KMT in last-minute push before mayoral elections
Taiwan's Kuomintang made a last-ditch effort to encourage supporters to vote in elections today for the mayors of five special municipalities, which are seen as a midterm test of President Ma Ying-jeou and his mainland engagement policy.
The last-minute appeals could be vital for the prospects of the ruling party, whose supporters are generally considered less enthusiastic than those of the opposition Democratic Progressive Party.
Supporters of the pro-independence DPP are generally considered more united and more willing to vote, even in bad weather, whereas KMT voters are known to be less enthusiastic and more likely to stay home in inclement weather.
'Save Hau Lung-bin, and save Eric Chu,' KMT campaign aides shouted through loudspeakers as their campaign trucks travelled along the streets of Taipei and Xinbei city yesterday.
Hau, the incumbent Taipei mayor, is fighting a tough battle for a second four-year term in the island's capital against former Taiwanese premier Su Tseng-chang of the DPP.
Just across the river in Xinbei city - which used to be called Taipei county - Eric Chu, former vice-premier and Taoyuan magistrate, was neck and neck with his DPP opponent, Dr Tsai Ing-wen, the party's chairwoman and another former vice-premier.
The moderate approach adopted by the DPP during the campaigns, shunning the rhetoric that in the past has seen it slam the KMT as Beijing's running dog, appears to have been successful in preventing the campaigning from becoming a showdown over mainland engagement or Taiwanese independence. It has also succeeded in appealing to some neutral voters or even more moderate KMT supporters who believe DPP candidates could do a better job.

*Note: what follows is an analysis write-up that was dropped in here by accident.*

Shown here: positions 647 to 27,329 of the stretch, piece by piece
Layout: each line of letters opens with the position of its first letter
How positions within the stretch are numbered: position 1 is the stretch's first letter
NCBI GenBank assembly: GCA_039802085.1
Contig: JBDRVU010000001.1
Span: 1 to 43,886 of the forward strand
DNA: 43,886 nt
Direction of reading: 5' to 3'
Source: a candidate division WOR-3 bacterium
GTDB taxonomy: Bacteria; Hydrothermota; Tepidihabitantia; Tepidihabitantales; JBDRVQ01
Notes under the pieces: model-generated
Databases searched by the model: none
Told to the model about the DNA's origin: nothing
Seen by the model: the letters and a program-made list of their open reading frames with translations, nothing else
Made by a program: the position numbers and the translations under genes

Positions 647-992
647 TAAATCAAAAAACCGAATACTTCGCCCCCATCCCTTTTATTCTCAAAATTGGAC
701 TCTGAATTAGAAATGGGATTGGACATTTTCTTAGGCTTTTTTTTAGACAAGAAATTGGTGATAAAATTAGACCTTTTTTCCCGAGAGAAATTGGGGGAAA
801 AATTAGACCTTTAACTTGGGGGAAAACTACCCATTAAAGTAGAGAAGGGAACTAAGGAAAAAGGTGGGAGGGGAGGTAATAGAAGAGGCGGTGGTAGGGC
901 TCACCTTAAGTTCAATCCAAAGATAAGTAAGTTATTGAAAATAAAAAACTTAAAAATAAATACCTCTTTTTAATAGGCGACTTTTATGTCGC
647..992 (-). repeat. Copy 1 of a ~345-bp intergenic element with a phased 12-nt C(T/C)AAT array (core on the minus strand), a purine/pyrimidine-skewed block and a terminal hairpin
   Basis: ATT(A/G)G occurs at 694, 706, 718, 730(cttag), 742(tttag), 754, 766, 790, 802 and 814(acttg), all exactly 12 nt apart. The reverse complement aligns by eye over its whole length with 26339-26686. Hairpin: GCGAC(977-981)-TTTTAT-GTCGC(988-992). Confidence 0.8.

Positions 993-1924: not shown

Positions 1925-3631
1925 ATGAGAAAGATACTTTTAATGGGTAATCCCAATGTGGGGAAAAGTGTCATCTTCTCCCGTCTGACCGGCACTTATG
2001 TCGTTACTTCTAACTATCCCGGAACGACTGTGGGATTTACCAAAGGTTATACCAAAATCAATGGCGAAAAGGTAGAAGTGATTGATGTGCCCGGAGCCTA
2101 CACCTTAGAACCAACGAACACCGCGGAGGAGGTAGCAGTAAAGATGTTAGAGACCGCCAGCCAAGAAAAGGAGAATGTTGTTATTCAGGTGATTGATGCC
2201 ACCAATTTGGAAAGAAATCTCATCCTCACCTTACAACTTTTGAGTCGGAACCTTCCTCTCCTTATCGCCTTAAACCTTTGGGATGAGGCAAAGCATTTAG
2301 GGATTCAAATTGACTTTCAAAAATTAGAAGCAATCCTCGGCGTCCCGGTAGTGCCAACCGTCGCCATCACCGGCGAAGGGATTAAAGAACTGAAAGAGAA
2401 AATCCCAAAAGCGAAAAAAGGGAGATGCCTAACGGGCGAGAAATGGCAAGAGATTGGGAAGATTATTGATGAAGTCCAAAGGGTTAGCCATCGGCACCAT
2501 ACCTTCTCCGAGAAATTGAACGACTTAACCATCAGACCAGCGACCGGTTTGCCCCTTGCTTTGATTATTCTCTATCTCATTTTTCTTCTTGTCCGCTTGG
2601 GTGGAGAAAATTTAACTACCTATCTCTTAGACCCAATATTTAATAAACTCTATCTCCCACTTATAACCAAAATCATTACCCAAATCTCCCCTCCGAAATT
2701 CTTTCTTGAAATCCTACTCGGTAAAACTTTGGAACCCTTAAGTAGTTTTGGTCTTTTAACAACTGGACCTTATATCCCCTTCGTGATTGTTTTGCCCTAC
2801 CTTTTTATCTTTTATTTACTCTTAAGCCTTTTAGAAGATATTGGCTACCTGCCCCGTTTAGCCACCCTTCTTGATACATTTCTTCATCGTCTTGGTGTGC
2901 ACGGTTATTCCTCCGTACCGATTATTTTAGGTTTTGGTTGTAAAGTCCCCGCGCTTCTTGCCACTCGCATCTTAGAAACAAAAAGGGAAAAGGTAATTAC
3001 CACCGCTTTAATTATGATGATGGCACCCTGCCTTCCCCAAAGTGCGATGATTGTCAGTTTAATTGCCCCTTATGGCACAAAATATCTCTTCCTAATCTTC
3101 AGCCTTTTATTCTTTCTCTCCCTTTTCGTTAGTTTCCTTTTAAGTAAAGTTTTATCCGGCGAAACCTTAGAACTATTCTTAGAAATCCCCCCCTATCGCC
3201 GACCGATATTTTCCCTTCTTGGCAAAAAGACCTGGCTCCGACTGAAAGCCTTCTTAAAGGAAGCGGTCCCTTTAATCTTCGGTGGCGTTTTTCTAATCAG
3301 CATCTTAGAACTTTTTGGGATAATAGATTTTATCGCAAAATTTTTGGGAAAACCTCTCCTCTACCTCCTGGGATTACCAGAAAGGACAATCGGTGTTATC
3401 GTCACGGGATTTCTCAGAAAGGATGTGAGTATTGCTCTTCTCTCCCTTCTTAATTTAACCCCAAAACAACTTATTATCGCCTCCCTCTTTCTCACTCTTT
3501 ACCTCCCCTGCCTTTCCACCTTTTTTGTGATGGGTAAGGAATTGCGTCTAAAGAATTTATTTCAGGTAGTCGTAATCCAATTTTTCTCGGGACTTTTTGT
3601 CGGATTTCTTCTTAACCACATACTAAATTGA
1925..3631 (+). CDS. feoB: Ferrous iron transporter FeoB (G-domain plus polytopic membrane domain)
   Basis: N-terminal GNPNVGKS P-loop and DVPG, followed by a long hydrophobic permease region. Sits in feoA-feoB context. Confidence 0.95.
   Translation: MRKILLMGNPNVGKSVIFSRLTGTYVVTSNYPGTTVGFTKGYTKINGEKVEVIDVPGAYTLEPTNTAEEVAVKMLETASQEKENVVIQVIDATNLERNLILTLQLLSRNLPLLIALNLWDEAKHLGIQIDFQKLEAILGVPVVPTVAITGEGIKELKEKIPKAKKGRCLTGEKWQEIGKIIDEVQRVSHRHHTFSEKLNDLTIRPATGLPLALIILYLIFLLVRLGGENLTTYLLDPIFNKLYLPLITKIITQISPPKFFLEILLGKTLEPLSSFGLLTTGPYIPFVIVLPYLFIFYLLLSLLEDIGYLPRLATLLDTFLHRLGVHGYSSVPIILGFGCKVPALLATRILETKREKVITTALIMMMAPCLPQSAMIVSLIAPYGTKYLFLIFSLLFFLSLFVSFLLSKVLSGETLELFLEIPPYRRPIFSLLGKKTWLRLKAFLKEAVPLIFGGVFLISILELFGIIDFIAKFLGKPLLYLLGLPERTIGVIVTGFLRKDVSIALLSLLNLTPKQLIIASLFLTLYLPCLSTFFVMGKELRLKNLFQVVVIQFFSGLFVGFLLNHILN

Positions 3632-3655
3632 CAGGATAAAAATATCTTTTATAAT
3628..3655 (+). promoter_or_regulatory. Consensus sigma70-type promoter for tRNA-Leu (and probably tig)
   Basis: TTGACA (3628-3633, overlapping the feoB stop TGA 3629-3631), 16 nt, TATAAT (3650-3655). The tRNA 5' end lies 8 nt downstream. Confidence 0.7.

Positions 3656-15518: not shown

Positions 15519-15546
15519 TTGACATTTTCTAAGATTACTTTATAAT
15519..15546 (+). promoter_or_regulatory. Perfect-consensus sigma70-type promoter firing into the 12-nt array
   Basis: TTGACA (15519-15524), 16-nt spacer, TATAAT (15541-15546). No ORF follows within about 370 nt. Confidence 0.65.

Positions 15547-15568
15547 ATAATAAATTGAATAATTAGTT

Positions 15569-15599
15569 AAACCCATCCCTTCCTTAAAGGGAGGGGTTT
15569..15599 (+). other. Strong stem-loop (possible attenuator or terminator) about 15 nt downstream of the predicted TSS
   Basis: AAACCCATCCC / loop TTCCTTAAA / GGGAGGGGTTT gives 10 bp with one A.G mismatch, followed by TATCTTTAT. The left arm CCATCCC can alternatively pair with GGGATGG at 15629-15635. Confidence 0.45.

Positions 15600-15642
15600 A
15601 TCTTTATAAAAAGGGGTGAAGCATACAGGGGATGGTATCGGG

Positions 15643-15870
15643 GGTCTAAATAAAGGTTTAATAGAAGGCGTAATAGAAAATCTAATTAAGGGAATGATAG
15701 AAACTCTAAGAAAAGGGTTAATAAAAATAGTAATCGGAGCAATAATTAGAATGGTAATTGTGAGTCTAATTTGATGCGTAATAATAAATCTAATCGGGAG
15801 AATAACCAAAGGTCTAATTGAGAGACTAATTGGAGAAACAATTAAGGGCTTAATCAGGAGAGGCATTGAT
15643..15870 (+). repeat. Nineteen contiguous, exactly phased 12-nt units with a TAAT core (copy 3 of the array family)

This has created a sense of crisis for the KMT, which had hoped to hang on to the three cities - Taichung in central Taiwan and Taipei and Xinbei in the north - it currently holds.
In the final countdown to the polls, a busy Ma, who doubles as KMT chairman, yesterday toured the five municipalities, which also include the DPP strongholds of Kaohsiung and Tainan, to solicit votes for his party's candidates.
KMT spokesman Su Jun-pin acknowledged yesterday that a high voter turnout could be vital for the ruling party, given the general 60-40 support ratio between the KMT and the DPP.
'Without your vote, we would be in danger,' Su said.
Meanwhile, in Kaohsiung, incumbent mayor Chen Chu is involved in an intriguing battle, not only facing attacks from KMT challenger Huang Chao-hsun, a legislator, but also from a DPP maverick, Kaohsiung Magistrate Yang Chiu-hsing, who quit the party to run against her after losing the DPP nomination race.
Although Chen has maintained a substantial lead over her two main rivals, she could face defeat if Huang and Yang manage to co-operate.
There have been whispers of a campaign to 'abandon Huang to support Yang' within the city, which would pose a serious threat to Chen. Since quitting the DPP, Yang has reportedly received support from the blue camp - the informal coalition between the KMT and the People First Party.
Elsewhere in Kaohsiung, the son of former president Chen Shui-bian, who has been sentenced to 19 years' jail for corruption by the Supreme Court, is reported to be well placed in Kaohsiung city council polls.
Chen Chih-chung, who recently lost a libel suit over reports that he hired prostitutes, has firm support from the hardcore pro-independence camp which backed his father. Taiwanese media said if the junior Chen was elected, his wife, Huang Jui-ching, convicted by the high court for money laundering, would run in the legislative election next year.
The share of voters thought to support the KMT is estimated at: 60%